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Peaness - "World Full of Worry" Review

If the almost sickeningly charming video for UK band Peaness’ “How I’m Feeling” is any indication, the band seeks to cement itself as a beacon of simple happiness, friendship, togetherness and all manner of kindergarten creeds. As a matter of fact, if the song attached wasn’t so wonderful, it would be easy to write them off as an indie-pop act too cute for its own good. They play children here, after all, obsessed with insects and setting out to find a rare caterpillar in their town while their fun-free parents try to ground them. But let’s be honest with each other here: Peaness is an pop act with songwriting chops and the melodic licks to back them up. The song is killer and because of that, the video succeeds in spades.

Their first album, World Full of Worry, makes the case for pure and simple cuteness, and seems to counter directly with the more menacing cuteness of some of today’s indie pop. This listener seeks out Charly Bliss, Bleached and Bully when he’s in an indie mood, but songs like the headbanging “Kaizen” and above-mentioned “How I’m Feeling” cut that acid with a sugar that hits the spot. What’s missing in the screaming of these acts, as good as they are, is their happy song. What’s more, what’s lost in this world--in the case of many of their imitators--is catchiness.

Peaness understand the stunning simplicity of the pop-hook. Save your music-theory, your shifting time-signatures… there is an art to the quality pop song. Now, this isn’t to say Peaness are strangers to bitterness. Far from it. This album in particular deals with stress, anxiety, sadness and betrayal, and their 2019 EP, Are You Sure, hits on an angstier tone than this one even tries to touch. The latter example is the sound of a band finding its voice, of course, but the point stands: beyond this sweetness is the aftertaste of sorrow, exemplified in particular on late-stage tracks such as “Left to Fall Behind,” which seemingly deals with the breakup of a long-term relationship and the impeccable “Sad Song”--imagine that--which brings the album to its close. The latter is a slow acoustic jam that--while picking up where the former left off--finds the hope so inherent in change. That’s a mature moral for the children of Chester, who just yesterday were out hunting a caterpillar!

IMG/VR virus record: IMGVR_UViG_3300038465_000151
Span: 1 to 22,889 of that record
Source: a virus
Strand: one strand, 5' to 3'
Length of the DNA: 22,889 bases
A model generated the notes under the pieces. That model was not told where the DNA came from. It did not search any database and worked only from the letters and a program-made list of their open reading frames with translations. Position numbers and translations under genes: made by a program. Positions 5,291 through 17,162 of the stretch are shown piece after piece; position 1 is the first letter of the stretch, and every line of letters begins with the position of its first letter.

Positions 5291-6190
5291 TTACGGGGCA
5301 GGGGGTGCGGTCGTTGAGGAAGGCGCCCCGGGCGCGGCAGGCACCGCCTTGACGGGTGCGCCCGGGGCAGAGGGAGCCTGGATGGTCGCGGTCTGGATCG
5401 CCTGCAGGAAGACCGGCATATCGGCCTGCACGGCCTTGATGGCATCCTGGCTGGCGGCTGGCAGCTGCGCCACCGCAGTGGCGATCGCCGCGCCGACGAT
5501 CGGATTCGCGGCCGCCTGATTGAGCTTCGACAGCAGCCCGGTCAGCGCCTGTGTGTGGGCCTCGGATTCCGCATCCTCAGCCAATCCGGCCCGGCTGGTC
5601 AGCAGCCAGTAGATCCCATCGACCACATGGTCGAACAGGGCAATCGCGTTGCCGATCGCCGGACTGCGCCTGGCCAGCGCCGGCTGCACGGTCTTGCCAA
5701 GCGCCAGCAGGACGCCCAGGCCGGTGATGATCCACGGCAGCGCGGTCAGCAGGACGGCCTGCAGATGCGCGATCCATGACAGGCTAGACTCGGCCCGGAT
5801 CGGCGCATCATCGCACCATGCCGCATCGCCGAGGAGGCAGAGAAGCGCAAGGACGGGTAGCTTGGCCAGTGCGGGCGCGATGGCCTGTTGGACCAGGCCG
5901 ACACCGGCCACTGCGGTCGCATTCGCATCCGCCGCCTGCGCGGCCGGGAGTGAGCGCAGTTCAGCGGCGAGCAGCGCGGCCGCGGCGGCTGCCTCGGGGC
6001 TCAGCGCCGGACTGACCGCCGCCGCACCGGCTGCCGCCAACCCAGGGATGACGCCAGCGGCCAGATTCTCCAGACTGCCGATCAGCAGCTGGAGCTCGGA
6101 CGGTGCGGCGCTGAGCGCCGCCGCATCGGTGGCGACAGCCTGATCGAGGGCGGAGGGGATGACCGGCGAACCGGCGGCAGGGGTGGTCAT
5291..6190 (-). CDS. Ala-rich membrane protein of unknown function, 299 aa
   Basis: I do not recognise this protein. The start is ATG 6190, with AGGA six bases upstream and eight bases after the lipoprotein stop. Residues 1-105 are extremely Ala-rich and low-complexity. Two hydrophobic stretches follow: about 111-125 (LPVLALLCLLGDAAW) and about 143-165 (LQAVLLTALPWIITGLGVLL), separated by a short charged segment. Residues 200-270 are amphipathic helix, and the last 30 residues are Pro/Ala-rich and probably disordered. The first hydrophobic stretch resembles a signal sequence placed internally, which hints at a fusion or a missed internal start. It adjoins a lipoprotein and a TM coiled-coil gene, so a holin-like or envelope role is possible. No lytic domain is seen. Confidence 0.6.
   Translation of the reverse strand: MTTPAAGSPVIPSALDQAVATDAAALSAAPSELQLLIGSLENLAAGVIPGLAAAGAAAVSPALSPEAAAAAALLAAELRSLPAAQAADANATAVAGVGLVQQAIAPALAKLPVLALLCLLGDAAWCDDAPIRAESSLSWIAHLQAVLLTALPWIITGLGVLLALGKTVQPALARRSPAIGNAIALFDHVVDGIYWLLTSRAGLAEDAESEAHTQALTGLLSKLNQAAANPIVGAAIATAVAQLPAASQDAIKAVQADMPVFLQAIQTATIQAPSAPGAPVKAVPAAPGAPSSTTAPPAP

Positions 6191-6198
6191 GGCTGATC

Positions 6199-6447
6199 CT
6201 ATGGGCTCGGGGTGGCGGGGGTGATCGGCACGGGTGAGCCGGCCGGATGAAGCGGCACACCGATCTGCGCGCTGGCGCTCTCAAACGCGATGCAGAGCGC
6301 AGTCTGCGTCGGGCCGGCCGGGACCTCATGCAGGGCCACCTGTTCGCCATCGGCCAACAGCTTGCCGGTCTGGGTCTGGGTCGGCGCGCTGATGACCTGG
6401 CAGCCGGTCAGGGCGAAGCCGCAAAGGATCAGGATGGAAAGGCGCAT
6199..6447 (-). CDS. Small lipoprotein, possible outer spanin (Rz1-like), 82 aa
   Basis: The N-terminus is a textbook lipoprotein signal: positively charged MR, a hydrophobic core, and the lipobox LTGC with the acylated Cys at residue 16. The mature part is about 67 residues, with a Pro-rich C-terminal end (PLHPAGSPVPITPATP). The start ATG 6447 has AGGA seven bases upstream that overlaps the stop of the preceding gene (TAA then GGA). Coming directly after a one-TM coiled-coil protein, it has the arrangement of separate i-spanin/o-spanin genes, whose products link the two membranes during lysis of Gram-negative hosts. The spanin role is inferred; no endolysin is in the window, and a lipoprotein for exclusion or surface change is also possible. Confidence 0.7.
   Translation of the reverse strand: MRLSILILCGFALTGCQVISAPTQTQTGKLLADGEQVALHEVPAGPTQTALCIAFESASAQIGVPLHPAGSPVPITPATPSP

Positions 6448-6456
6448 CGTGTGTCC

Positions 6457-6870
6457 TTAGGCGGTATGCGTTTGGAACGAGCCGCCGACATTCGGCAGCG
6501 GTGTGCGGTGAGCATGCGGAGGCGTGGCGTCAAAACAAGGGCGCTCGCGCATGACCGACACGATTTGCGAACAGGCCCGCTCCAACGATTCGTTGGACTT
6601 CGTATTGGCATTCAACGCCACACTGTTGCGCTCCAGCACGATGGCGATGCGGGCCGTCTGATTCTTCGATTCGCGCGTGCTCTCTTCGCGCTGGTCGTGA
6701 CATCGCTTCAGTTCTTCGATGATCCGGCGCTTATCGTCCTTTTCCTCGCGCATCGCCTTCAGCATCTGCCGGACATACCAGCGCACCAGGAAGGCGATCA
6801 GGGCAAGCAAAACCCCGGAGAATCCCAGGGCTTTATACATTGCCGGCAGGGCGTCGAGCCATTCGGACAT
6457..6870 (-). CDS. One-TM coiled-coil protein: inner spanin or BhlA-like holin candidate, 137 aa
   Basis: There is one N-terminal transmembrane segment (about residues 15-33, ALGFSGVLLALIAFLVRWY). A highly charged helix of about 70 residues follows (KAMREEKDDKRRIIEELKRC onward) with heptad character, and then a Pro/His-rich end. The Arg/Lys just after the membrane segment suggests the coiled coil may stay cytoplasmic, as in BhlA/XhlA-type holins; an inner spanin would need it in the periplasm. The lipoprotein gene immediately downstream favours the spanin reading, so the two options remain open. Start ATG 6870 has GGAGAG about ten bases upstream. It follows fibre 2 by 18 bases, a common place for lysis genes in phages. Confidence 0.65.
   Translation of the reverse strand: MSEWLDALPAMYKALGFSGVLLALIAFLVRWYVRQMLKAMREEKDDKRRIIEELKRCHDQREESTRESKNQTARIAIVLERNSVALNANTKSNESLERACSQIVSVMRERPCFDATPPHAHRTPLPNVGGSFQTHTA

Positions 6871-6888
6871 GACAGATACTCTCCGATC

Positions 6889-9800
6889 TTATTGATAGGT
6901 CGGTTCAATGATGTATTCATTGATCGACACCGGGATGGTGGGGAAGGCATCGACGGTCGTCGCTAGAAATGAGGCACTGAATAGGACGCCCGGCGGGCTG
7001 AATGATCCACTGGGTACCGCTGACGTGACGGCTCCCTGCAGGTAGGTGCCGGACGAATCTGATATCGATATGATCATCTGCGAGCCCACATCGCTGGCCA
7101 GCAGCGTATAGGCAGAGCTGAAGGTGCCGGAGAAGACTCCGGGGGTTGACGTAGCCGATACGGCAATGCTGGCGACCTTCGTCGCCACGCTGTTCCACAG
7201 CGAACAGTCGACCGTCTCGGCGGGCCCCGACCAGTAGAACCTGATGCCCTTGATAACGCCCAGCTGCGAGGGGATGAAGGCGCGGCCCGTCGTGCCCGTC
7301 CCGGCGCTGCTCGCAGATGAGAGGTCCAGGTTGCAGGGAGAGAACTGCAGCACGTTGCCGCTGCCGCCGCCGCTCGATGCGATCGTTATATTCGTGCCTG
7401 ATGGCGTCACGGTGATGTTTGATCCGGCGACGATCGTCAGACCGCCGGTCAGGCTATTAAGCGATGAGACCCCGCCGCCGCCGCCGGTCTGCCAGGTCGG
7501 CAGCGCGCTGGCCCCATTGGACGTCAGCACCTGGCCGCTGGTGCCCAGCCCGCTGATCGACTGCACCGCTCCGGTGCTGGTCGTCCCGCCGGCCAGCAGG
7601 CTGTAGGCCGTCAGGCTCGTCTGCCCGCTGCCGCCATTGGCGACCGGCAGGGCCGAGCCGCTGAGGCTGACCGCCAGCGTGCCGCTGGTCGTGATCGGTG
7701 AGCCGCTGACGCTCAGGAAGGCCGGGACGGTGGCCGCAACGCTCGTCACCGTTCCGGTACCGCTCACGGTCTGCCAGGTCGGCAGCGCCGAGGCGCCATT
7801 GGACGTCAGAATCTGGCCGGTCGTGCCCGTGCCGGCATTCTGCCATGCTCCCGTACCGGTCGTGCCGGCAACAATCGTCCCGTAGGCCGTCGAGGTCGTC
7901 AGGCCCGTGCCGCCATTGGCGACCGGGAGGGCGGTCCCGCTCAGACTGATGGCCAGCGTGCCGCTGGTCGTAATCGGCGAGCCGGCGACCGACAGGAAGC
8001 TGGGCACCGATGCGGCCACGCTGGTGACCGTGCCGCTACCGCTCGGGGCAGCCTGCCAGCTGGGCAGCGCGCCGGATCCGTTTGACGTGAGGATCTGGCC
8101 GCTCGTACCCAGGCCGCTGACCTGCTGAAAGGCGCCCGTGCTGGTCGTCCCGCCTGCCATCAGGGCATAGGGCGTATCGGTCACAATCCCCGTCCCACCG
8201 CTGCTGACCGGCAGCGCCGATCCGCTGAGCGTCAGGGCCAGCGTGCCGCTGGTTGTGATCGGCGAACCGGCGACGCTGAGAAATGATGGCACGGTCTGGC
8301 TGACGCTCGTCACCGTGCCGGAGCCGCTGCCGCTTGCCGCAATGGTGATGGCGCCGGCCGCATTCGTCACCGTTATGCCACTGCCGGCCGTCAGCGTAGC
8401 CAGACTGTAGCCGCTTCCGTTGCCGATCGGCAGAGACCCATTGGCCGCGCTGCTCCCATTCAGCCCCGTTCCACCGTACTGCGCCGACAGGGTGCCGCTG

As their name would suggest (it’s pronounced like “penis” Peaness is no children’s band, but it’s a band that embraces the naivete of childishness. It’s grown-up in its themes, but gleefully immature in execution. Another favorite track of mine, the Britpop-muddled “Girl Just Relax” is a beautiful and funny meditation on young-adult insecurity. I love this song not just because of how catchy it is, but also because of its humor and everyman sophistication. The song’s fade-out takeaway suggesting “Comparison will kill you, measure your progress like a maniac,” contrasts starkly with the surreal imagery of being honed-in on in a pile of one’s duplicates and the song’s own comically down-to-earth title that’s belted each chorus. These opposites go together like salt and caramel, laughing and crying, and maturity and childishness. As a matter of fact, they go together like penis and pop music. A match, weirdly enough, made in heaven.


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